Biden’s Disinformation Chief Nina Jankowicz: Online Mockery of Kamala Harris a Threat to Democracy and National Security

Nina Jankowicz, executive director of the Disinformation Governance Board (U.S. Department of Homeland Security)
U.S. Department of Homeland Security

President Joe Biden’s new disinformation chief Nina Jankowicz argued online mockery of Vice President Kamala Harris and other women in public life was a threat to national security.

“Platforms and governments aren’t doing enough,” she wrote on social media. “It’s time to act. Our national security and democracy are at stake.”

The Department of Homeland Security announced the creation of the new Disinformation Governance Board led by Jankowicz on Wednesday.

Jankowicz argued that Congress should create new laws to block mockery of women online, citing the volume of “gender disinformation” used to criticize Harris.

“Congress should reauthorize the Violence Against Women Act (VAWA) and include provisions against online gender-based harassment,” Jankowicz wrote in a WIRED article highlighting the “abusive content” sent on social media to women in public life.


Jankowicz was the author of a report examining the online mockery of Harris during the 2020 election and noted the Vice President received a majority of derogatory online posts against women.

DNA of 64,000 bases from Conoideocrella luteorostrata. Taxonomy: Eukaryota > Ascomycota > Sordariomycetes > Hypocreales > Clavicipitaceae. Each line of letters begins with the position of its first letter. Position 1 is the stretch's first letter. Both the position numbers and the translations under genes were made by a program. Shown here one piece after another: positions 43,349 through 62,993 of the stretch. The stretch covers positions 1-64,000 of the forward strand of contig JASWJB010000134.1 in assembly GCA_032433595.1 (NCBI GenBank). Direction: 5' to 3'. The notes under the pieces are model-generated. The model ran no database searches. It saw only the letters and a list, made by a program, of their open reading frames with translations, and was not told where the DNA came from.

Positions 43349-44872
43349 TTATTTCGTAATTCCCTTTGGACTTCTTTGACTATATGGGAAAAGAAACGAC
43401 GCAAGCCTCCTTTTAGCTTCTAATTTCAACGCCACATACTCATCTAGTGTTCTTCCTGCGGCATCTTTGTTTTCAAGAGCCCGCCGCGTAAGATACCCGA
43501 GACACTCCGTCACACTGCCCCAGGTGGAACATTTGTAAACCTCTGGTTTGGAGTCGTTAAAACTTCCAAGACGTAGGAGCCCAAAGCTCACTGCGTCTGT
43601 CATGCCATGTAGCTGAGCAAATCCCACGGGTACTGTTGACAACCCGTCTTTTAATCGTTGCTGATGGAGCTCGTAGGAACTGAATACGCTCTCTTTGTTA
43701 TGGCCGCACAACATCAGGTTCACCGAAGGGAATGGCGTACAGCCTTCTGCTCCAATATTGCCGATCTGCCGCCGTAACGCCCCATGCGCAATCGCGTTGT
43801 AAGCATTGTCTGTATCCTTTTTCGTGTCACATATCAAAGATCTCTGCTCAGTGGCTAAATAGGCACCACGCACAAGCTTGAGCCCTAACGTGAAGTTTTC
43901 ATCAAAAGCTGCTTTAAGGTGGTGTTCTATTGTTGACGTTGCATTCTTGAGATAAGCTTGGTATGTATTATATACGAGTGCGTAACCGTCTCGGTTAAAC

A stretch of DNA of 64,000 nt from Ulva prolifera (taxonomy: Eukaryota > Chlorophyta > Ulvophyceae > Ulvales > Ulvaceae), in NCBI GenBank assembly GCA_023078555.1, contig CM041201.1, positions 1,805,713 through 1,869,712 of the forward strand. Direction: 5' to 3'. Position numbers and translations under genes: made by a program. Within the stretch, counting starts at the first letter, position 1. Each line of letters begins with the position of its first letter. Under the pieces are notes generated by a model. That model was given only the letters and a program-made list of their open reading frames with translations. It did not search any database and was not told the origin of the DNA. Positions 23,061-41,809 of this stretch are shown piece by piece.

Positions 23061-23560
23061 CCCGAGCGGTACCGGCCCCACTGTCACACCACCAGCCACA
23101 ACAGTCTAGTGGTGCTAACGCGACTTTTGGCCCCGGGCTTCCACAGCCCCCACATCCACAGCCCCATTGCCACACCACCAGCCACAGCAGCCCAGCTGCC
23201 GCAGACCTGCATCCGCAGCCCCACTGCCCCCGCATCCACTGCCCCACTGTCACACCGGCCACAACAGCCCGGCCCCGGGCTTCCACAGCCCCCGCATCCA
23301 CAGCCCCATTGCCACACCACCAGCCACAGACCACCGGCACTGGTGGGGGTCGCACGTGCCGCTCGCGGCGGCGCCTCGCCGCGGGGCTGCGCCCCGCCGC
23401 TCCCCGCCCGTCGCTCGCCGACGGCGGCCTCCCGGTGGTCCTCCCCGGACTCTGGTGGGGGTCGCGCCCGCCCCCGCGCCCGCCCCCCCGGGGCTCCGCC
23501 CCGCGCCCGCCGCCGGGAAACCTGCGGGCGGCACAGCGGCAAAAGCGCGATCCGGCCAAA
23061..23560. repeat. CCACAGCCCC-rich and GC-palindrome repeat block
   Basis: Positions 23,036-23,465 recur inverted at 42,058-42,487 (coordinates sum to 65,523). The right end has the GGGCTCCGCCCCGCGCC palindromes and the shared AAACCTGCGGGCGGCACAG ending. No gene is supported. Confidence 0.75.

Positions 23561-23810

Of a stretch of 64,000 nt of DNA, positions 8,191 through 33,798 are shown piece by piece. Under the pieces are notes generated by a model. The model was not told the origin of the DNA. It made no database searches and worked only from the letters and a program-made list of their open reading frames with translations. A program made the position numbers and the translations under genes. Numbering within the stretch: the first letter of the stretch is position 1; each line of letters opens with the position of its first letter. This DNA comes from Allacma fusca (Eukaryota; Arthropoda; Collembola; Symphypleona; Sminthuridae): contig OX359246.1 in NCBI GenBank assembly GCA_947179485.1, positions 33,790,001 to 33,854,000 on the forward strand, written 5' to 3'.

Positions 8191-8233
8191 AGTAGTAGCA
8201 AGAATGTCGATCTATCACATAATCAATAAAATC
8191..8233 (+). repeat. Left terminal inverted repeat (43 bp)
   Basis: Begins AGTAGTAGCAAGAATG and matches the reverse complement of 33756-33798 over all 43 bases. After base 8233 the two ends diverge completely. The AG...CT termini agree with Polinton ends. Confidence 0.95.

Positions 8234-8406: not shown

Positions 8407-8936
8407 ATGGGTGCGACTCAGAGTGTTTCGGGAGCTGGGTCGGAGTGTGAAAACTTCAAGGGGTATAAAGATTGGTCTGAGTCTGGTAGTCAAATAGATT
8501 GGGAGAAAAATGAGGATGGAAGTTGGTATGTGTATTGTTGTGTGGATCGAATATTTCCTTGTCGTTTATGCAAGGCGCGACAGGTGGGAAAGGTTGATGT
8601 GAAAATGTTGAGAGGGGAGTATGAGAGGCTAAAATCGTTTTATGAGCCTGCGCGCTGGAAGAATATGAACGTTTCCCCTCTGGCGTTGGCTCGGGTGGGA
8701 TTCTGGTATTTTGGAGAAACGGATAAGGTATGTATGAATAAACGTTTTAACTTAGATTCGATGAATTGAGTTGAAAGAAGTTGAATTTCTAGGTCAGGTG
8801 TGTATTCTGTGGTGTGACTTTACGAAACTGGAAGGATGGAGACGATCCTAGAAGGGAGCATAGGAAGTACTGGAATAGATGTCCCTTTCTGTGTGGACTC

In the article, Jankowicz outlined tech companies and government should work together using “creativity and technological prowess to make a pariah of online misogyny.”

Social media companies, she argued should “make the shift toward believing women” allowing them to identify and censor content. Jankowicz also called for tech companies to stop “a tacit pile-on instruction” from influential people with a lot of online followers.

Jankowicz said online mockery of women was a threat to democracy, warning that “gender disinformation” could prevent women from running for office.

In September 2021, Jankowicz testified about “gender misinformation” being a threat to democracy in the British House of Parliament.

She cited Harris as an example:

I think of the little girls who were so happy on inauguration day, seeing our first female Vice-President inaugurated and, for those of them who are online, looking at the responses to tweets or Vice-President Harris’s Instagram posts, where people call the Biden-Harris Administration “Joe and the ho”, or worse. There is much worse, alleging that Vice-President Harris slept her way to the top.

During her testimony, she argued that “gender misinformation” was also a “national security concern.”

“It is not just a democratic concern; it is a national security concern, which should make it of interest to everybody in government,” she said. “It is not just about hurt feelings. It really affects the way our countries operate.”

Jankowicz cited online mockery of other political women including Rep. Ilhan Omar (D-MN), Rep. Alexandria Ocasio-Cortez, and Gov. Gretchen Whitmer to solidify her argument.

Jankowicz routinely cited the volume of sexist content directed at her after she started publishing articles and books on the issue as an example of the dangers for women in public life.

“Being a woman online is an inherently dangerous act,” she argued in her testimony to Parliament. “That is the long and short of it.”


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